Azraq Syrian refugee Camp : 40 meter canvas Mural for international exhibition , Northern Jordan: aptART, UNICEF, Mercy Corps


One of the boys painting today had burns all across his entire body. Another had a scar the size of my index finger from his ear to his cheek. They danced to Bob Marley with a slanted and joyful tambour, in the middle of the blistering sun. The sadness is not the trauma, its the falsity of hope. A refugee can hope to return home, a refugee wakes up in the morning, still homeless. A metal lifeless box, in the middle of nothingness. Imagine waking up in the morning every day, knowing you live a life of waiting.

I spoke to two of the most inspired boys, and asked them about finding ways of integrating creativity into their lives everyday. They replied: “We have no brushes.” A reality, only a possibility with gift giving of the world. What can transcend the hope and violence of stagnation? We are but humans. Suffering is not inevitable, but in this conflicted part of the world, it is. The suffering of boredom, in the middle of nowhere-land. Cursed to wait in the waiting room outside the door of war.

Much of a traumatized community is full of spite, anger and depression. Forgiveness comes through Martyrdom and the focus is not on the future but on the past. Anger stays, and productivity dies away. Constructive building cannot come when the focus is on anger. What will happen to all of these Syrian refugees? Many in neighboring countries are fearful they will become equivalent to the Palestinians, never to return home, and never to integrate.

The honor of looking into the eyes of these children feels as though I am honored to witness their energy. Their longing for humanity, and their surprise at my attention. When youth have been spoken down to throughout life, respect becomes a surprise. I asked the local Mercy Corps translator why this part of the world has so much killing, and he said Islam. Not true or real Islam, but the distortion of it. This distortion has caused the PTSD reactions, triggered by a boom in the distance of a UN bulldozer building a temporary home for a generation of children.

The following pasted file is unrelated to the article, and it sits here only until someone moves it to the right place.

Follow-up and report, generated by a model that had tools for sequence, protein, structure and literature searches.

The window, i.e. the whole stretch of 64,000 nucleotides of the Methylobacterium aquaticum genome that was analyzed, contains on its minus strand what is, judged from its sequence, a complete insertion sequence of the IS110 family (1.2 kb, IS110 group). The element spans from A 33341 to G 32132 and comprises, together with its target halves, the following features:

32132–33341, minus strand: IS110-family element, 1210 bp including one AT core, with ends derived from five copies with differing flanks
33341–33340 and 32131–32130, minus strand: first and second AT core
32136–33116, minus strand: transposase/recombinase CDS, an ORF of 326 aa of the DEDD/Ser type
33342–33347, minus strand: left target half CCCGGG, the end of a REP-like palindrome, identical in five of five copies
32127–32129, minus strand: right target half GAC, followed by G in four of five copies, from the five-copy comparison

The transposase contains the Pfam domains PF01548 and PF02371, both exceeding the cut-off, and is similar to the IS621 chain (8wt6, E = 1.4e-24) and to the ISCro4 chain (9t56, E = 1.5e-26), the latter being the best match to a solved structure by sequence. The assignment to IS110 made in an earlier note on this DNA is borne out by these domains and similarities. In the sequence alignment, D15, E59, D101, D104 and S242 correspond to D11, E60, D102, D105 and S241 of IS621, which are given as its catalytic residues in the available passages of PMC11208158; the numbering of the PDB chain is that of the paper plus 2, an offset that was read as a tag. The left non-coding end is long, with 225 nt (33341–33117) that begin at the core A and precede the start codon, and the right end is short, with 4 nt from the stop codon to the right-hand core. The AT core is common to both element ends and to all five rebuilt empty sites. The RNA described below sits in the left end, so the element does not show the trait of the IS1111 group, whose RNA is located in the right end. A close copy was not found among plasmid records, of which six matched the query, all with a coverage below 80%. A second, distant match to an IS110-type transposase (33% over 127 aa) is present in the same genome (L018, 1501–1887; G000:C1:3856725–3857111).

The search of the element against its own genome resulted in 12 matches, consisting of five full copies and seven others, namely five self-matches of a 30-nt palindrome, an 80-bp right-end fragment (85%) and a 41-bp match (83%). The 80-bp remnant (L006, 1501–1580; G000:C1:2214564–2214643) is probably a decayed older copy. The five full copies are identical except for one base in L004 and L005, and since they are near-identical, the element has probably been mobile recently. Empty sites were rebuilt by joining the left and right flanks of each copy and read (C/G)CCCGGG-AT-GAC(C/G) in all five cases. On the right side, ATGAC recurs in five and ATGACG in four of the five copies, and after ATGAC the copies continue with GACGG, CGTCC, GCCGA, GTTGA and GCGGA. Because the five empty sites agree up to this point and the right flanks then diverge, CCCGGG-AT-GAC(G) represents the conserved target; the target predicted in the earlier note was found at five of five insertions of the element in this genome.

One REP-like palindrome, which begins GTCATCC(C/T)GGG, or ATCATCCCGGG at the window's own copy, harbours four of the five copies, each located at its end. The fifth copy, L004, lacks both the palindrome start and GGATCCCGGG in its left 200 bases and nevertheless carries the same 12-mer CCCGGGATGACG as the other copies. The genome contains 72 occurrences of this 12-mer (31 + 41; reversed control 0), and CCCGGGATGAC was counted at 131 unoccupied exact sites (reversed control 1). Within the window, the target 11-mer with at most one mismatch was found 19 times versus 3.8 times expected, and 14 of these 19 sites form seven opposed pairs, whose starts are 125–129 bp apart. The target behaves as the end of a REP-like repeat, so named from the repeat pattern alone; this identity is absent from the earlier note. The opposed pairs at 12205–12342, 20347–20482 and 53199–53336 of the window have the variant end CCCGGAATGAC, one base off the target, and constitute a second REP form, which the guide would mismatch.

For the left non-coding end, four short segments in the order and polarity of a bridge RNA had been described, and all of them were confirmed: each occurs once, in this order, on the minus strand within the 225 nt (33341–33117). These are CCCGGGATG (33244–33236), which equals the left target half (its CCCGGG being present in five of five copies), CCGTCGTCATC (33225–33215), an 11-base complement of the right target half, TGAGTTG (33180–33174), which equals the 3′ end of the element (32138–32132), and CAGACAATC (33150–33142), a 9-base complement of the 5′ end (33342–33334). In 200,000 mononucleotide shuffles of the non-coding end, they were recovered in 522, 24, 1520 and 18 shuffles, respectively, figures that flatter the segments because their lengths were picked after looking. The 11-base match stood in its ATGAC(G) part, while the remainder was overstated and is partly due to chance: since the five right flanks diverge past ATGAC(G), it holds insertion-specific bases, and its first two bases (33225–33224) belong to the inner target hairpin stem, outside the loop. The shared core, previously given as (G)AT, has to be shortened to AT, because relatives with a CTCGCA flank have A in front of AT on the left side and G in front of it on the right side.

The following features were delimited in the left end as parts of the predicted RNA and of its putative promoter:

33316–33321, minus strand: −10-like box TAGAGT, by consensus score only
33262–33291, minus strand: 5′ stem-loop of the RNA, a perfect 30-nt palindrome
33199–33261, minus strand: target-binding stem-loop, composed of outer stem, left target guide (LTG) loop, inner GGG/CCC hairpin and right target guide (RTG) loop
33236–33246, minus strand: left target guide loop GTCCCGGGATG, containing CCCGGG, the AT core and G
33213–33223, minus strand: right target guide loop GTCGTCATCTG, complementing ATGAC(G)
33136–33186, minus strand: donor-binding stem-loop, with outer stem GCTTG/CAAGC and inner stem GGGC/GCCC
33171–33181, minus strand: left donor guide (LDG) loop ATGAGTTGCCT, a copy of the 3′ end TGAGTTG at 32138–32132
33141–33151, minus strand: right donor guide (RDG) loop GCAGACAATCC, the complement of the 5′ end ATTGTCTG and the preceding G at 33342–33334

The calls to prayer still calls everyday from the blue tower, constructed next to a temporary tent-mosque. People pray all over the world, and people kill all over the world. Today I saw two men in the middle of the desert, with their heads to the ground, surrounded by the abyss of dust. If you ask the refugee children how they are in Arabic, they respond with “Humdiallah: Thankful are we to God.” This gratitude transcends reality, it forces hopeful appreciation, and becomes the norm. I saw a man drag his tiny daughter by the ear across the desert with her screaming all the way.In a land of spite, frustration is the water that keeps the river murky. They say the mercy of the world forgets no one, but why were they forgotten?

One may ask: “What is the impact of art in a situation of dire consequences and a lack of necessities?” If one child can find inspiration of how creativity can bring new thought and a way to deal with trauma, then that is the water of the soul. It is a release of what has been experienced, and a potential catalyst for a next step. A boy sat quietly by the corner of the canvas painting by himself. When he was done, he walked to another location on the canvas. What was left was a truck with a missile launcher attached. This, next to a boy holding a kite high in the air.

As the team drove away from the camp, a kite made of plastic flew high above the barbed wire. A tiny child at the helm of the high-flyer looked with dirt in his eyes above to the blistering sun. A poetic goodbye, in the frame of a child finding the art of play amongst the fight to maintain a childhood.  .




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